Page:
Don in Istanbul 2015

Donald J. Raleigh

Jay Richard Judson Distinguished Professor of History, UNC Chapel Hill

When did you first develop an interst in Slavic, East European, and Eurasian Studies?

I trace my interest in things Russian to my childhood on Chicago’s working-class South Side, whose would-be burghers, many with East European backgrounds, had an active fear of communism. Mark Twain Elementary School deserved top marks for terrorizing its impressionable clientele, including me, with endless “duck-and-cover” drills, owing to the Soviet threat. Then there was Roman Catholicism, and the hundreds of hours I clocked-in on my knees praying for the conversion of the atheist Communists. In short, born in 1949, I grew up in “Dr. Strangelove’s America.” At Chicago’s new John F. Kennedy High School, an in-your-face, enthusiastic teacher, Michael Pagliaro, introduced me to Russian history. I got hooked. I majored in Russian Area Studies at Knox College (after accused FBI spy Robert Hanssen had graduated), where a marvelously idiosyncratic Serb named Momcilo Rosic taught me Russian. During my senior year at Knox, I won a slot on the CIEE’s new semester-long language study program at Leningrad State University, which at the time was the only way for college students to gain in-country experience. Despite the execrable living conditions in Dormitory No. 6 and an awful bout of giardiasis, Russia had become a defining feature of my life. That fall, 1971, I enrolled in the Ph.D. program at Indiana, where I studied with Alexander Rabinowitch. Indiana turned out to be a perfect match for my interests, and Alex the ideal mentor.

How have your interests changed since then?

A year-long research seminar that he taught during my second year in the program shaped my research agenda for the next 25 years. When I wrote my dissertation on the Revolution of 1917 in Saratov, books in russianlocal history remained at a formative stage in the field of Russian studies, because the closed nature of Soviet society had rendered the country’s heartland invisible. But the end of Soviet power now made it possible to carry out research in local archives. In fact, I had begun writing a book on the Russian Civil War based mostly on published sources when, owing to perestroika, I was allowed to travel to Saratov for the first time and to work in its archives. My appetite whetted, I started the project over, resulting in ten more trips to the city. The personal accounts I used in researching the book and grappling with issues of memory and remembering made me receptive to oral history—also, at the time, in its infancy in our field. Since Russian citizens had begun talking publicly about their past, I saw obvious benefits in listening in. I thus added oral history to my methodological toolkit, resulting in a book on Soviet baby boomers, published in 2012.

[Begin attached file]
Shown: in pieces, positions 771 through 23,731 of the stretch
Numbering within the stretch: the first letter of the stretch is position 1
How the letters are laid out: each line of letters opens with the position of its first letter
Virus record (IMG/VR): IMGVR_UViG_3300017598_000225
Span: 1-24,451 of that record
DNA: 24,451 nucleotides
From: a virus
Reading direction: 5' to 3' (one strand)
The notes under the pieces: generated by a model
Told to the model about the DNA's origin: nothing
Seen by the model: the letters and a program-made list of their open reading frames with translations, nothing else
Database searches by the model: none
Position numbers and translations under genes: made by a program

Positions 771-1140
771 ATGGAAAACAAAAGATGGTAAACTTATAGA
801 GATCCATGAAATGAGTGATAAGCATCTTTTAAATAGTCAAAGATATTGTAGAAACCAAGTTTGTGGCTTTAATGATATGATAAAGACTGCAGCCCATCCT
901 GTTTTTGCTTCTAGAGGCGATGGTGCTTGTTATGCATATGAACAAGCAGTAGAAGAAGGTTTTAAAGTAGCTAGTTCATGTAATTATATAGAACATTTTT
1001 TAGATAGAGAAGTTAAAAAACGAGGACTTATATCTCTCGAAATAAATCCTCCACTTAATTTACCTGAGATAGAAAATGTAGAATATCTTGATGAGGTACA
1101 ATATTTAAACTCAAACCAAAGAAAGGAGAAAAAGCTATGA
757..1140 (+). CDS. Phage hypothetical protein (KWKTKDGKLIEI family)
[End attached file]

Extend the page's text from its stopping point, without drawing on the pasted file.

What is your current research project?

To date, my current book project—a biography of L. I. Brezhnev—has taken me to archives in Moscow and Chisinau. During the summer of 2016, I’ll carry out research in Almaty. 

What do you value about your ASEEES Membership?

It’s been said that, when the student is ready, the teacher will appear. I, for one, am fortunate to have had outstanding mentors and role models throughout my career. I am also grateful for the ASEEES, my “home” professional organization. I’ve missed only three annual meetings since 1975, and look forward to each year’s conference, not only to hear papers and browse the book exhibit, but, as importantly, to see old friends, including former students, whose professional accomplishments bring me great satisfaction.